5. Skull covered with imperial crown. Desire to renounce the world which came about when seeing the mortal remains of Empress Isabella during her funeral. To me, this is his main and perhaps most infallible attribute.)

6. Patron of I.isbon, Portugal.

Juan Ferrando Roig:

7. Wears black cassock and belt or sash and a white collar doubled over.

8. Ducal crown in hand or on the ground, which indicates that he renounced it.

Louis Reau:

9. Patron of the Province of Valencia, Spain

10. Invoked against earthquakes.

11. Poverty of iconography may be due to lateness of canonization.

Clara Erskin Clement Waters:

12. Jesuit saints in general, heart inscribed with "IHS" or heart crowned with thorns.

13. Crown at feet as saint of royal blood.

Helen Roeder:

14. Kneeling before the· Blessed Sacrament.

15. Skull on book.

Frederick Charles Husenbeth:

16. Shown baptizing Indians or Japanese.

Other attributes from miscellaneous sources:

17. Holding a quill.

18. Kneeling at altar on which there is a pyx.

To finish the informative details of Francis,Borja, below are listed the more salient details:

Born: October 28, 1510, in Gandia.

Died: September 30-0ctober 1, 1572, at midnight, in Rome. Beatified: November 24, 1624, by Urban VIII. (11)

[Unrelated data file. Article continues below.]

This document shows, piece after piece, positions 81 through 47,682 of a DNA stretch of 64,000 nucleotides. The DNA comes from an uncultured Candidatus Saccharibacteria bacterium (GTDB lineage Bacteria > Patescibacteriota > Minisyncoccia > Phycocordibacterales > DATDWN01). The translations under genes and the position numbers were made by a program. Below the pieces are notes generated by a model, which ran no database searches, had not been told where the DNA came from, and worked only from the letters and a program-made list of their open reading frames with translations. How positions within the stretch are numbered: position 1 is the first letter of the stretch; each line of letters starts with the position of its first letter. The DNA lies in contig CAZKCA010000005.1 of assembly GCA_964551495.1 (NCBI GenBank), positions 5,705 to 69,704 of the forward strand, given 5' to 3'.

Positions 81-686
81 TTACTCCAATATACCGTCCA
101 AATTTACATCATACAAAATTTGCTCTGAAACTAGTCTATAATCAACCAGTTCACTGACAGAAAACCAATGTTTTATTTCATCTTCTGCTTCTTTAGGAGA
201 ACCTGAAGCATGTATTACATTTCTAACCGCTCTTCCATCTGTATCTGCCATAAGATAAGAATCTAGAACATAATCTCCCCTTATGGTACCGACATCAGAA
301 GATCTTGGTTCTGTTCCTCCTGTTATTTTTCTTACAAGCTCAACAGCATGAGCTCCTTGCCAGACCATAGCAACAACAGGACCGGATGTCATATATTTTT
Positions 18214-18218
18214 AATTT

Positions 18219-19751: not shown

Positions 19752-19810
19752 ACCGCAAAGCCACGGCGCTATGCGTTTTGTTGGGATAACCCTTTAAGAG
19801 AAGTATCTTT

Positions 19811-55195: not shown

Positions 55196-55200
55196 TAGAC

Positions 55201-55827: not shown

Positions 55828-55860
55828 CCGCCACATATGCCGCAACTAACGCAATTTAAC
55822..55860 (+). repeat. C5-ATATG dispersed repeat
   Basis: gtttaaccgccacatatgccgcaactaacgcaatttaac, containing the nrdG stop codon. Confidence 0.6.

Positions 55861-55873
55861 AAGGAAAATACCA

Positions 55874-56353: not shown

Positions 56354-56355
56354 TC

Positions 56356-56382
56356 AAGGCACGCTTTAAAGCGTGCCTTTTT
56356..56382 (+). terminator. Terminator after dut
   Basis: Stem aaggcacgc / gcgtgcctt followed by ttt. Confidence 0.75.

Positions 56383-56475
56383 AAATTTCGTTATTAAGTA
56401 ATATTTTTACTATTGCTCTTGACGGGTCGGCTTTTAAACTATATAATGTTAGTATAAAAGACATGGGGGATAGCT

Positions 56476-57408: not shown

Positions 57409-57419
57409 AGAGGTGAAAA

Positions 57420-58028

Canonized: April 12, 1671, by Clement X.

Bull of Canonization: Published June 4, 1724, by Benedict XIII. Feast Day: October 10, 1683, by Innocent XI.

Ordained: May 23, 1551, at Onate, Basque Country, Spain.


1. Church of the Gesu, Rome.
2nd April 22, 1617, remains sent to Madrid, less one arm, which is at Gesu.
3rd Placed at church of house of La Profesa on del Prado Street.
4th Between 1617 and 1628, a rib was sent to Lima, Peru.
5th To new church of La Profesa at small Square of Herradores in 1627.
6th To new church of La Profesa on Calle de la Flor on July 30, 1901.
7th Above church was set on fire during the Spanish Civil War, in May 1931.
8th The few calcinated remains that were recovered are now venerated at the new church of the Compania on Calle Serrano.

As mentioned earlier, Charles Cahier stated that "BOlja is sometimes shown holding a picture of a Byzantine-styled Madonna.,,12 This seemingly simplistic statement has wider implications as far as the role that Borja played in his deep seated Marian devotion and the role that he played in disseminating to the foreign missions.